Creative Soccer Culture

PSG x Jordan: Is The Hype Still Real?

19 July 2022. Paris Saint-Germain unveiled their new away kit and collection for the coming season, the latest release to come from their immensely successful collaboration with Jordan. But rather than an avalanche of plaudits and fans gushing over the new look, the reception to it was strangely muted. It was a far cry from the hype that surrounded the original drop, or even the releases of the following three years, begging the question: has the ground-breaking collaboration run its course?

As anyone who has the slightest interest in football’s extra curricular activities away from the action on the pitch will know, PSG x Jordan was a truly trailblazing collaboration that ushered in a new era of football culture, welcoming the influence of basketball on the beautiful game. When the possibility of the hook up was first rumoured in 2018 it was so new, so revolutionary, that it instantly captured the imaginations of fans of new football culture the world over. What started as an all-out hype event fast became a well accepted and expected presentation of pure fire, crossing cultures seamlessly as it continuously brought two separate worlds together, with the Jumpman’s influence searing across the Parisian side’s alternate kits through the seasons, right through to last season, where it enjoyed a promotion to the home kit – a move that coincided with Lionel Messi joining the club, creating the perfect storm of marketing. But should that have been a final flourish and a fitting end for the collaboration?

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With that home kit last season also came the end of the exclusivity of the deal between the two entities, although it didn’t signal the end of the partnership, with Jordan once again back on away kit duties for PSG’s 22/23 wardrobe. However, the reaction to not only this latest kit, but the wider collection, has been so far from that of the debut season and even the subsequent collections that its impact – and therefore relevance – has to be questioned. 

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In part it could simply be down to the over-saturation of the product – several drops per season has diluted the premium feel of the collaboration. What was once a sought-after and difficult to acquire set of apparel and sneakers has perhaps lost its unique feel. That Jumpman logo in place of the Eiffel Tower was suddenly a street label that tied directly to football, signalling the shift in culture and acting as the perfect representation of football's newly burgeoning influence on streetwear. But to stand still is to fade away.

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Then there’s the originality factor. When PSG x Jordan first debuted there was nothing else like it. It was culture-crossing, barrier-breaking, and it felt that way. Now into its fifth season and the kit suddenly doesn’t look original, at a glance sharing design traits with the original white kit that dropped back in 2018. It no longer feels new, and that's a problem, as the novelty wears off. It could just be that this was a bit of an uninspiring design (grey is always a hard sell for a kit), though it feels more than that, as the lifestyle options didn’t pick up the same level of heat you’d expect either.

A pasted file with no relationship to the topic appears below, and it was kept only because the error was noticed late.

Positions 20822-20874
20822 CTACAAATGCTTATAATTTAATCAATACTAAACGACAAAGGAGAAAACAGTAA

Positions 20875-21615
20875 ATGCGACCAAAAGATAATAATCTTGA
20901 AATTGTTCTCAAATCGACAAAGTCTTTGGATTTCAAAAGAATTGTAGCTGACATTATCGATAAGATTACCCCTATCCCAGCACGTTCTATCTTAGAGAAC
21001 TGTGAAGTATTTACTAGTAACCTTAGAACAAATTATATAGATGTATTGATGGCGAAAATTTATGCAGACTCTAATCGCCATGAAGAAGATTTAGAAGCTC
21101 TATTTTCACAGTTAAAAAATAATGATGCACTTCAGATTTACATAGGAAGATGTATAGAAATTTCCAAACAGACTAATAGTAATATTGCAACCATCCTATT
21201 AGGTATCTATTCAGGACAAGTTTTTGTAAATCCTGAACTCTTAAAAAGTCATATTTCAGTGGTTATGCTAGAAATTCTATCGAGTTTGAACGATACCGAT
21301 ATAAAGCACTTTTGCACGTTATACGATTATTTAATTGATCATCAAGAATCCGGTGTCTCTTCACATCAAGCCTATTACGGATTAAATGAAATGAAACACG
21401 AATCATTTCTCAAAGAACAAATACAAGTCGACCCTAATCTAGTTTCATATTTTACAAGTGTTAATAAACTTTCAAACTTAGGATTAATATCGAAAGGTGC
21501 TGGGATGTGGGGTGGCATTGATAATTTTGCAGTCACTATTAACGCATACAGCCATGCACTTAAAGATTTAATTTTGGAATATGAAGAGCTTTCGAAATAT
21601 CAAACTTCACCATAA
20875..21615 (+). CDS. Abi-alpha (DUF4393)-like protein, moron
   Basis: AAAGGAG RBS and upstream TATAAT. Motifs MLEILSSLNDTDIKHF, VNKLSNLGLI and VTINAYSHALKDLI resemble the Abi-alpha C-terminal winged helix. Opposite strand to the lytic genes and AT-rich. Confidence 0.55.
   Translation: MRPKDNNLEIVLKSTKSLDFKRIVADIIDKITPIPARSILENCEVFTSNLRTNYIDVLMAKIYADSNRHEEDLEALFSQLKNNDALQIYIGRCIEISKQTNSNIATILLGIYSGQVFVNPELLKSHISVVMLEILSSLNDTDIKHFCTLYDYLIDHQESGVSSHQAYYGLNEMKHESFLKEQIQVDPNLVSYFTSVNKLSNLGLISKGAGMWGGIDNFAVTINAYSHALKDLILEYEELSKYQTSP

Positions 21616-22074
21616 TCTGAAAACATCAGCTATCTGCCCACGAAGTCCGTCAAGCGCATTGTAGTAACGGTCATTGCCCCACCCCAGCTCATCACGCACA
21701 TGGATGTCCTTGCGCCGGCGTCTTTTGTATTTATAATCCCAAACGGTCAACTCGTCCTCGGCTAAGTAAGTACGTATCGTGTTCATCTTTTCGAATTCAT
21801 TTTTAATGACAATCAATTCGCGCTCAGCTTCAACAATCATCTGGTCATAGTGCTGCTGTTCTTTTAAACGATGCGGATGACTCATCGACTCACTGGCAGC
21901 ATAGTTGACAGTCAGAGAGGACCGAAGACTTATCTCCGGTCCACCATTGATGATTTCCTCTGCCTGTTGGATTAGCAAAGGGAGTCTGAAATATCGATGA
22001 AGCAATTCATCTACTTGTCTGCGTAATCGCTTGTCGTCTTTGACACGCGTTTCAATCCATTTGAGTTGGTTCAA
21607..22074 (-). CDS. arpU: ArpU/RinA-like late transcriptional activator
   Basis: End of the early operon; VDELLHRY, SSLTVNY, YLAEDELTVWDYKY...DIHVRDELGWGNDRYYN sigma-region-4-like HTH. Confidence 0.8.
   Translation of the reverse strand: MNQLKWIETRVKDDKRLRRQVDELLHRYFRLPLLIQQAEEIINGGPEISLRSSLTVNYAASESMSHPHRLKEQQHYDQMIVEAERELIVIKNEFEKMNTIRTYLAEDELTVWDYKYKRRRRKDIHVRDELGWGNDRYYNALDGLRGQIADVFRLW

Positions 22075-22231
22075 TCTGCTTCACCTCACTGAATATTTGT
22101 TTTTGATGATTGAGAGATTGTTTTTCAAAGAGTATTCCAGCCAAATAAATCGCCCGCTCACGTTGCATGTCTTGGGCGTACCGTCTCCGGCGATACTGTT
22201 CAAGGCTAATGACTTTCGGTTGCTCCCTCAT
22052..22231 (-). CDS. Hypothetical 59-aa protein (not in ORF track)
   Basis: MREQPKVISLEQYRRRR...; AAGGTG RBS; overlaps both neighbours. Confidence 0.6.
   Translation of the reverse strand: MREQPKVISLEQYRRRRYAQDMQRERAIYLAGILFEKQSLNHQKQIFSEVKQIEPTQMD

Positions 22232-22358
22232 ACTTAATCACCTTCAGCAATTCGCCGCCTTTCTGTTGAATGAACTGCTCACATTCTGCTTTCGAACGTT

You’ve also got to wonder where they go from here to stay fresh. Through the course of the partnership Jordan have produced away, third, fourth and home kits for PSG, and they’re now back on the away. Add to that other culture-crossing collaborations from other teams, and suddenly the unique feel that set these collections apart just doesn't quite feel the same.

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PSG clearly pride themselves on being frontrunners and trend setters, and as a result it feels like PSG x Jordan may have naturally run its course. The trick to staying relevant is staying ahead of the curve, and as a club and a business, it's something the current Ligue 1 champions are only too aware of. A simple glance in the direction of other lifestyle-centric collections and collaborations that they currently have with the likes of Edifice and Goat is more than enough to show that they are still comfortably leading the streetwear scene from a football perspective. Talk about being in a league of their own, no one else is even close.

The collaboration with Jordan was a key moment for PSG as they went about establishing themselves as the leading streetwear club in the world. It was an era-defining partnership, and other clubs from across Europe looked on with envious eyes. Now though, it may be time to re-evaluate that particularlar link up.

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Likewise, Jordan have put a strong marker down in terms of influence in football through this collaboration, but if they want to continue to build upon that then it may well have to be with a team or teams away from PSG, with no shortage of potential suitors likely waiting in the wings, eager to pick up where PSG leave off. Like when a relationship has run its course, sometimes it's better to just walk away amicably rather than wait until it gets stale and messy. If that’s done well here then it also leaves the door open to an reunion down the line, which would inevitably be huge, given the unquenchable thirst for throwback.


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Daniel Jones

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